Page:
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An interview with Artist Dakarai Akil

Written by: Drew Ginsburg

Name: Dakarai Akil, but some people call me by my instagram handle DK1994 or DK for short.  

 

Background: I was born and raised in Cleveland, OH. I’ve been an artist since before I could walk. My dad was a very talented artist so really early on he taught me how to be creative. We weren’t necessarily poor but we couldn’t afford all the latest toys everyone else had so my dad taught me at a young age how to be resourceful with your average household items like cardboard boxes and tape. I would make things to play with out of just those two things. I think that eventually translated into my love for making collages. But my craft didn’t start there. I went from drawing and making things to play with out of cardboard to graffiti in my teenage years. I was a skater and heavily into hip hop culture so graffiti was something that came with the territory.

 

My biggest influences at the time was my brother and Pharrell for their styles. I wanted to be like them so much I would dress like Pharrell but also steal my brothers clothes and where them to school. Style has always been important to me so at 15 I came up with the idea to start a clothing line. I would draw people wearing imaginary clothes I designed in these notebooks and write graffiti all over them. In my junior and senior year of high school I studied graphic design and taught myself photoshop. The crazy concepts I would draw in my notebooks switched over to photoshop. By the time I was ready to graduate I took those ideas and started putting them on t-shirts to sell to my friends and whoever was interested. Right out of high school I was making a killing off of these t shirts. I ended up going to the Art Institute of Pittsburgh for fashion & retail management thinking I would learn how to properly run a successful clothing brand. I spent two years there and didn’t learn much academically but I learned how to collaborate on big ideas with other creatives which ended up being one of the most powerful lessons I could’ve learned. After continued success with my clothing brand I was starting to feel boxed into this fashion thing and it didn’t feel as good as I thought it would.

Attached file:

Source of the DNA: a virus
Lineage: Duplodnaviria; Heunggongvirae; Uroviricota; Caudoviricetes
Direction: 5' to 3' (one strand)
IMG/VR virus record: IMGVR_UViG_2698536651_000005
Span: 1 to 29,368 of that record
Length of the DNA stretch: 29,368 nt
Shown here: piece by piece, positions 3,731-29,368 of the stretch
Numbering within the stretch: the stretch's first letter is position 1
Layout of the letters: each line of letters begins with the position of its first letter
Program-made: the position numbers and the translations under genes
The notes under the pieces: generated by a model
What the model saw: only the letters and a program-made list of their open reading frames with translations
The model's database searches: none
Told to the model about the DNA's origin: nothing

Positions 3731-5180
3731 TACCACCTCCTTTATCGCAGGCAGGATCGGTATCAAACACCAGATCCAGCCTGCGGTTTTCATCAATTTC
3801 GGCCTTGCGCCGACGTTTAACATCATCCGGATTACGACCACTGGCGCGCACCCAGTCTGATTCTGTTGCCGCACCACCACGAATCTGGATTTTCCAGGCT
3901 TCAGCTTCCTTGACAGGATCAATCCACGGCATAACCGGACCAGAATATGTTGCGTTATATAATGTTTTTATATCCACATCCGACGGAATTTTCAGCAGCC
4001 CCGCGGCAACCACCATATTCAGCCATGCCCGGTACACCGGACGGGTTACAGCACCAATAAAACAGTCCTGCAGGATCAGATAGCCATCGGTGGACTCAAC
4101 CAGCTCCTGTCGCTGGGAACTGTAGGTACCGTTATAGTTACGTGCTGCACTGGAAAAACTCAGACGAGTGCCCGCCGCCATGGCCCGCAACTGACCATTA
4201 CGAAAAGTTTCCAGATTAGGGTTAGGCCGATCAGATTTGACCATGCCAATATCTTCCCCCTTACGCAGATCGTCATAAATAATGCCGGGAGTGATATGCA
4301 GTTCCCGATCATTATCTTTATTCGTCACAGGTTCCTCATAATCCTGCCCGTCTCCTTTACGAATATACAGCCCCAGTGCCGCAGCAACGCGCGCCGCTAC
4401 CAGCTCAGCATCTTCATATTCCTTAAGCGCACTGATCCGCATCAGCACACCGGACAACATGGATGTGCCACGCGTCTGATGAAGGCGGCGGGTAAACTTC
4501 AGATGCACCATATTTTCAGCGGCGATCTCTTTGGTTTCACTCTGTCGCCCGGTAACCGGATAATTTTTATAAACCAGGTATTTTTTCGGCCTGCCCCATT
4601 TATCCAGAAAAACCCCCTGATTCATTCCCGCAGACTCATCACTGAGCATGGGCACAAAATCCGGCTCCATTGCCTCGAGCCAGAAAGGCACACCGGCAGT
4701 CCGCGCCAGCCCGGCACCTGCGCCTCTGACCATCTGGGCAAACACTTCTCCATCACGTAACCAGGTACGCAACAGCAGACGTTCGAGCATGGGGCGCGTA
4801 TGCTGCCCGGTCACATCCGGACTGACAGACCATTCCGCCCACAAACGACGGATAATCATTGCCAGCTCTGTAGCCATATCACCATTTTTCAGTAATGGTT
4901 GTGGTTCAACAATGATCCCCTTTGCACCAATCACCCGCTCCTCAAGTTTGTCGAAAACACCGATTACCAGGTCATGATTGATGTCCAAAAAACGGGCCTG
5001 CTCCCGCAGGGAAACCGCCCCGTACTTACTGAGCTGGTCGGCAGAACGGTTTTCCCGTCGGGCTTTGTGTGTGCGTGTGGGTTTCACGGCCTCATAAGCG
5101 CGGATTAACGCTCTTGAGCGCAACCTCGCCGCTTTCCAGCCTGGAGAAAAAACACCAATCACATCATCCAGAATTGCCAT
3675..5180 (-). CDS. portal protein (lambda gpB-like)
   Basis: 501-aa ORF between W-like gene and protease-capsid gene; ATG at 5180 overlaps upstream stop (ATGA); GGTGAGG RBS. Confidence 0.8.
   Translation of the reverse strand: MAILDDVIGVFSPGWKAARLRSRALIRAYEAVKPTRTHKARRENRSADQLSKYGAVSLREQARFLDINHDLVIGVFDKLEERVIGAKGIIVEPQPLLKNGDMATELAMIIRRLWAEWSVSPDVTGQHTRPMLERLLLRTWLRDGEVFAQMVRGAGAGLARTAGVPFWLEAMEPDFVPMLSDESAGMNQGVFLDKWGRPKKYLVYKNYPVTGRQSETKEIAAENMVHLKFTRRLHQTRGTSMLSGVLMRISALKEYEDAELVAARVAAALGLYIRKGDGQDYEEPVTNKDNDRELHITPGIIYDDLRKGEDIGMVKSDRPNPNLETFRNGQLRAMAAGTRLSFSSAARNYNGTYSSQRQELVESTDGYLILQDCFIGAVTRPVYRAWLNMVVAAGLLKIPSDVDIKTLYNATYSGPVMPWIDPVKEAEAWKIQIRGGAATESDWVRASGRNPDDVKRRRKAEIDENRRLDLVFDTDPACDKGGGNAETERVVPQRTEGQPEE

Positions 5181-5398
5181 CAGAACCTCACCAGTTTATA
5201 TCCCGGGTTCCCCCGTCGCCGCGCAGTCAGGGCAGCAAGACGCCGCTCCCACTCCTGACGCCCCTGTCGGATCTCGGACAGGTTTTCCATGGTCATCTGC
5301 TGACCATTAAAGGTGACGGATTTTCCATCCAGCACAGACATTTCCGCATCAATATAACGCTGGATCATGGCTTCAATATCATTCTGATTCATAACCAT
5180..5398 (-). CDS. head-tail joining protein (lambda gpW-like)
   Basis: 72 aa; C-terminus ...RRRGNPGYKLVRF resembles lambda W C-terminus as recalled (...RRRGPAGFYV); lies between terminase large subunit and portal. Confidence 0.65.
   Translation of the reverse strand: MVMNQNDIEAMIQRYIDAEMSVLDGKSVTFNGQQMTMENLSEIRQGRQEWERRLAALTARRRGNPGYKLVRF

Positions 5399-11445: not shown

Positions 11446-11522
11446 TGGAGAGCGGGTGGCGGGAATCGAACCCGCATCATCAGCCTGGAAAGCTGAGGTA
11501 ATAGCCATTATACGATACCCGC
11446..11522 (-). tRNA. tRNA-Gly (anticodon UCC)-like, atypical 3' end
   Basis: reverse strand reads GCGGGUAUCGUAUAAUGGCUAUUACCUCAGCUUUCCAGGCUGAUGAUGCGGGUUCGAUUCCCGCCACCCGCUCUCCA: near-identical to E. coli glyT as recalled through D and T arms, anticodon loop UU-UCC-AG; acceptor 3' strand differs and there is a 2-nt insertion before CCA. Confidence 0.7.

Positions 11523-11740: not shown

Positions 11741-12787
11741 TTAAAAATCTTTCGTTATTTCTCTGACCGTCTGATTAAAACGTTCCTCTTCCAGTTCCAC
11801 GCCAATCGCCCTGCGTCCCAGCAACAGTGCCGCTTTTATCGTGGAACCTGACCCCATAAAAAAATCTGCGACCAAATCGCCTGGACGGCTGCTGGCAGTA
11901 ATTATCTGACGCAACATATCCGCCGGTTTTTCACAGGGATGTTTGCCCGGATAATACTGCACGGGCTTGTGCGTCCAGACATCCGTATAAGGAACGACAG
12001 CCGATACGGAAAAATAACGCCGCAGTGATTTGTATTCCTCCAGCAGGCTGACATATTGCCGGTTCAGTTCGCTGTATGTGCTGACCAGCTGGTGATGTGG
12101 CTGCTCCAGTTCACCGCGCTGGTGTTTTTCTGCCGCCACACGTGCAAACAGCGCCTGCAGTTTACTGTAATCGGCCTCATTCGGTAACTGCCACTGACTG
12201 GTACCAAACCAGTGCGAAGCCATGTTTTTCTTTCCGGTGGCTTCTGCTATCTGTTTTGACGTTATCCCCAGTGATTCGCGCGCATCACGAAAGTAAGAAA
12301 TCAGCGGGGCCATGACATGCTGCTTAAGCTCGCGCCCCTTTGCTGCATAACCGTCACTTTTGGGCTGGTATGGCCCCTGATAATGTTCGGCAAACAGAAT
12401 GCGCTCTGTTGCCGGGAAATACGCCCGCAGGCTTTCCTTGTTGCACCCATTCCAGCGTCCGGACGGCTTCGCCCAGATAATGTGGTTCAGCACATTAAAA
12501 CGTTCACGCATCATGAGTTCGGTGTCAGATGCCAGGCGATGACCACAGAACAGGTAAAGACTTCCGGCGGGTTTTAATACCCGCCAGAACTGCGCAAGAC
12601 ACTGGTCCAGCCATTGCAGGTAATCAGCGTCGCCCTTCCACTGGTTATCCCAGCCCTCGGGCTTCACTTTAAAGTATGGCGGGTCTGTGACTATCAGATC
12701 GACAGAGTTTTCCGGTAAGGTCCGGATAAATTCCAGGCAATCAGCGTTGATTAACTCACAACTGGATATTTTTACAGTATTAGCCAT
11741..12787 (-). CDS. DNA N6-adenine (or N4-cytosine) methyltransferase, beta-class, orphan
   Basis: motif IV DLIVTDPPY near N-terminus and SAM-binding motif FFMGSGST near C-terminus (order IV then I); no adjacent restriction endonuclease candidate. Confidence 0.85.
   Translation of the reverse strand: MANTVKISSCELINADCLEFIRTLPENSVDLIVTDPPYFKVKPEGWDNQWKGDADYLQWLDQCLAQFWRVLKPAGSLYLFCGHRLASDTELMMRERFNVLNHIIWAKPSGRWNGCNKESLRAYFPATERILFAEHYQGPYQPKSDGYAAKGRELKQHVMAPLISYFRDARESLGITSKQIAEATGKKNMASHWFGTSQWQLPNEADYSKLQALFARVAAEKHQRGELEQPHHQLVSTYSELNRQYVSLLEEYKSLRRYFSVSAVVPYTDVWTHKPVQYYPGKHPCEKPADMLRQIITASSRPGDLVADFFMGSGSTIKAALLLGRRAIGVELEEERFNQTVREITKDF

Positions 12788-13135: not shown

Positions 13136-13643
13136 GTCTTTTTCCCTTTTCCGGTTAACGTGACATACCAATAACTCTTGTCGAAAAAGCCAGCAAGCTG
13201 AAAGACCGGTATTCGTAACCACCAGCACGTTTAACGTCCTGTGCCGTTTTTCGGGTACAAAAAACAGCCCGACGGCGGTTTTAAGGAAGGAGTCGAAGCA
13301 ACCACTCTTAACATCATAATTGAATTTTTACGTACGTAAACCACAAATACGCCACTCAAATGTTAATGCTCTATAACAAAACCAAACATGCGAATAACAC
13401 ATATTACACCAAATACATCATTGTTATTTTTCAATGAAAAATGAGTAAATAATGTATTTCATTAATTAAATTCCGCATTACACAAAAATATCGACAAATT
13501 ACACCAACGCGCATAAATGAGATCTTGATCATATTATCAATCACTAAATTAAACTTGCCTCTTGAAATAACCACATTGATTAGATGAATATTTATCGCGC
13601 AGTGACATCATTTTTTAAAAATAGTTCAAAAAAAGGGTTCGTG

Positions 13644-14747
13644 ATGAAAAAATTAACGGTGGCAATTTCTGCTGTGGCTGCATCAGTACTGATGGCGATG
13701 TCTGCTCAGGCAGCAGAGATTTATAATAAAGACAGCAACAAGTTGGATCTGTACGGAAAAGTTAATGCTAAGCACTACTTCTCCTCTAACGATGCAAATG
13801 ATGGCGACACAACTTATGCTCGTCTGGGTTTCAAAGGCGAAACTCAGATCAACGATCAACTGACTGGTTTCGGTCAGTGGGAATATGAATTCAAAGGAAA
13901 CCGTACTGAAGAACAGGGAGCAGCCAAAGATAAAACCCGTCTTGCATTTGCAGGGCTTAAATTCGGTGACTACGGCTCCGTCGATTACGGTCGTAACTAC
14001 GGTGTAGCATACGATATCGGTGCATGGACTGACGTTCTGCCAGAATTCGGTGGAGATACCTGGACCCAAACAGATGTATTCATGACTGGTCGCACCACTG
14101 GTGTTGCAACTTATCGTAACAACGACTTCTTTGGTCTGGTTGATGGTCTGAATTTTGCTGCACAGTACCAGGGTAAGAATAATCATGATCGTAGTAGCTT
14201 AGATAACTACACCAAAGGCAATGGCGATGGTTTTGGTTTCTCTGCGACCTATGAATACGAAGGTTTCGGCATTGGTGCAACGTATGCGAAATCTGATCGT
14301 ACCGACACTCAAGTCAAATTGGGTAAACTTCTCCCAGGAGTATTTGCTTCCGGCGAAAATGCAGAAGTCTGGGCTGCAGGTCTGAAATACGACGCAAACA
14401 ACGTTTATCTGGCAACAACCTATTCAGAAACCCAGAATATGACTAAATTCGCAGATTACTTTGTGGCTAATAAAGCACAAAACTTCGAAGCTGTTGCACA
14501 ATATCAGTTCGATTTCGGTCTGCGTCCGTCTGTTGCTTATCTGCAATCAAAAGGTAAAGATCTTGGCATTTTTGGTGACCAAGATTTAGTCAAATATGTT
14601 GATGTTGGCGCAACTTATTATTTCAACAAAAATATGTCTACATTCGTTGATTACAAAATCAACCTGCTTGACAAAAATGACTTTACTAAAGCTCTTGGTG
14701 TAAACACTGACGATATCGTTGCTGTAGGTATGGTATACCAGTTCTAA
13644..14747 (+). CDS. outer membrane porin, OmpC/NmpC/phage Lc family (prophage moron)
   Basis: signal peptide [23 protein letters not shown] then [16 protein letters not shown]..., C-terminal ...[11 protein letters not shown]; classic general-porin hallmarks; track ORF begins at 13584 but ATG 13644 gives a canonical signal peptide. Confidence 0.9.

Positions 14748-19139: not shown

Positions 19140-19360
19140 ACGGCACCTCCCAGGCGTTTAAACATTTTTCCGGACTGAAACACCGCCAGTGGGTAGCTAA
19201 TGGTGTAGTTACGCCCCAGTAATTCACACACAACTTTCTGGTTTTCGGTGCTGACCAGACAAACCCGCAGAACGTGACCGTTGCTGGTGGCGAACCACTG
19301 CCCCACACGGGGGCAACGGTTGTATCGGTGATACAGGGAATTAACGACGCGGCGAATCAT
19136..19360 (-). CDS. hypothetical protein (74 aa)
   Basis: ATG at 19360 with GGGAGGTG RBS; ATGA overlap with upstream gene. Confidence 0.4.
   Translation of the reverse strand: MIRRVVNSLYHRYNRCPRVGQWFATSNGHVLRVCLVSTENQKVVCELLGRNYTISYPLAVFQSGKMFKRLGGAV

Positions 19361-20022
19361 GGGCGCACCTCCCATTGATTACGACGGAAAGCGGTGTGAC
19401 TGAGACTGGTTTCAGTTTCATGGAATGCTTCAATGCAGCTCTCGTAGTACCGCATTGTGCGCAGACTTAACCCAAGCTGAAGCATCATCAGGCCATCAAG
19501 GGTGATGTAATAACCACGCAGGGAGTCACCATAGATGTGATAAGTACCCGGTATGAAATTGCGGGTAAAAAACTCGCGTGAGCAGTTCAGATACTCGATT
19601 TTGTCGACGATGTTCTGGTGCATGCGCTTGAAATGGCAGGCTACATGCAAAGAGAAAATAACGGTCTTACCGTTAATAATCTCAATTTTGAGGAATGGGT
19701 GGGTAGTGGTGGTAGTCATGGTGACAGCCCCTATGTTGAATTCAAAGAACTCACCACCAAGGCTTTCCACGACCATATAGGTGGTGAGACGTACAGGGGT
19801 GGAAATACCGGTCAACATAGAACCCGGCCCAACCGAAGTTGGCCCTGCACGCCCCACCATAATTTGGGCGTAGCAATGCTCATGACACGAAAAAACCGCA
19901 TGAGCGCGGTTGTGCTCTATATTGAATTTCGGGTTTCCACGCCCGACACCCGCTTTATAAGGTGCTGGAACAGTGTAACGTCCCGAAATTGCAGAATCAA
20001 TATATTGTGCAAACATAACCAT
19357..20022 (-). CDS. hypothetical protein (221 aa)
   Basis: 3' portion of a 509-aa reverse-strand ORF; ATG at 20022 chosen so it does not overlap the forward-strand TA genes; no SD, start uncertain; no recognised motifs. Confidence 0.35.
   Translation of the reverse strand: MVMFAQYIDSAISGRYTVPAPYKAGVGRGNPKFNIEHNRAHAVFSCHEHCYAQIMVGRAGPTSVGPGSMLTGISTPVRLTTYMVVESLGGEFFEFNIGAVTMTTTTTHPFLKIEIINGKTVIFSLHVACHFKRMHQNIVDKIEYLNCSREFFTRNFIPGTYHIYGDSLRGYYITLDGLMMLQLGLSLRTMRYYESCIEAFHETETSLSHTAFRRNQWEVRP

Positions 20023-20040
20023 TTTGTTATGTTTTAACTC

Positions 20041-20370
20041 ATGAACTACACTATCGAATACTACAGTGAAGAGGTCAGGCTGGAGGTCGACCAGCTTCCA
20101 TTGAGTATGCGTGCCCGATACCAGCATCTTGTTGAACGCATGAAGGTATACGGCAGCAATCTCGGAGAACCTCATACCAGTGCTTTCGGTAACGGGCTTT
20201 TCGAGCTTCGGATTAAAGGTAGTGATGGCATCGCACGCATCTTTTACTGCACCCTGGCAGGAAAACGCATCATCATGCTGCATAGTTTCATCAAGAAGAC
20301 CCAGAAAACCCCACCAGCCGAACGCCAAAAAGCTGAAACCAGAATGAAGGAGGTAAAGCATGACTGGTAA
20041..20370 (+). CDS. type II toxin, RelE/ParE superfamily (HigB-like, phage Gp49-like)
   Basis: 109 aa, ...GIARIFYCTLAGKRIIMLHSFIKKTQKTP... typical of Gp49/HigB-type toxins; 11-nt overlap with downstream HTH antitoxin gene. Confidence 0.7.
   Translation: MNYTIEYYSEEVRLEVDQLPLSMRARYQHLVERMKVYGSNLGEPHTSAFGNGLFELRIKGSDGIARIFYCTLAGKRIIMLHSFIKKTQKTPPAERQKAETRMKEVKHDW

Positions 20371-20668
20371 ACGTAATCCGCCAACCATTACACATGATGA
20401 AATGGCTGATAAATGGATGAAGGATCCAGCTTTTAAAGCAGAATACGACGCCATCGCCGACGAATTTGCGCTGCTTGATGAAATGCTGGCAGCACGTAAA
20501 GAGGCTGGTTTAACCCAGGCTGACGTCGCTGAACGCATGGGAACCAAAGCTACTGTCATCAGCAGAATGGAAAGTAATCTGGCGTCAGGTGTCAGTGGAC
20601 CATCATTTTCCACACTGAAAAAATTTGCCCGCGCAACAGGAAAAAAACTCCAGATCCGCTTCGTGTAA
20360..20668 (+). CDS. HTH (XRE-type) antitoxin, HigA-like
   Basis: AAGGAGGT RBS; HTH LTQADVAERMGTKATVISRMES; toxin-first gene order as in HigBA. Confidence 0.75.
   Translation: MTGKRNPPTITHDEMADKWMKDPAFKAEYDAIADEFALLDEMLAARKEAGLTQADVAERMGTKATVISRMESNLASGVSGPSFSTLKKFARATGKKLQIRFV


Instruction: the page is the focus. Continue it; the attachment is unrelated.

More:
I slowly started to move away from fashion in the years to come and focus more on just being an artist. I was still making clothing but I was getting into doing gallery shows more. After leaving school and moving back home to Cleveland I continued the clothing brand and graphic designing but I ended up discovering collage through artists I found on Tumblr. At the time I was building up a body of work on a gallery using Tumblr where I would follow other artists. I saw these really intricate collages that look different from any other collage I had ever seen. So I gave it a try for myself.

 

Before I went to collage, a family friend who has been in the fashion industry for years gave me a big box of fashion magazines to study. I never ended up doing anything with the magazines until the time I discovered collage art. When I made my first few collages with these fashion magazines I immediately fell in love with it. Now fast forward years later I’ve now published two art books full of my collage works, I’ve done countless gallery shows around the world and landed a bunch of album cover designs for recording artists and bands.   

 

Q: Most influential female in your life?    

 

The most influential female in my life has to be my mom. She's inspired me for years with her hard work and dedication to helping others. She sacrificed so much just for my brother and I to live the quality of life that we live. I know that I could never fall too far because my mom would never let me slip that far. Her work ethic and genuine care for the world inspired me to do the things I do.  

 

Q: Collaging is such an intricate process, every detail has to come together visually while also telling a story... How did you get into this kind of art form?

 

   

I started collaging after years of doing graphic design. I studied design in high school playing with programs like Photoshop and Illustrator. By the time I graduated high school I was completely burnt out of graphic design because I hated my teacher and at this point I already knew what I wanted to do after school which was becoming a fashion designer. So I went to AI for fashion but before I went, a family friend who is in the fashion Industry gave me a huge box of fashion magazines to study. Years went by and I didn't study them. After leaving school, moving back home and continuing to use my graphic design knowledge for my clothing brand I discovered a few collage artists on Tumblr where I was building an online presence for my art at the time. I remembered I had that box of magazines in my room so I gave collage a shot. I remember immediately falling in love with the feeling of putting one together. I applied my graphic design skills to collage and just ran with it. Now years later, I've published two art books full of my collage work, put them up in the streets around the country and even on the other side of the world in places like Kathmandu, Nepal.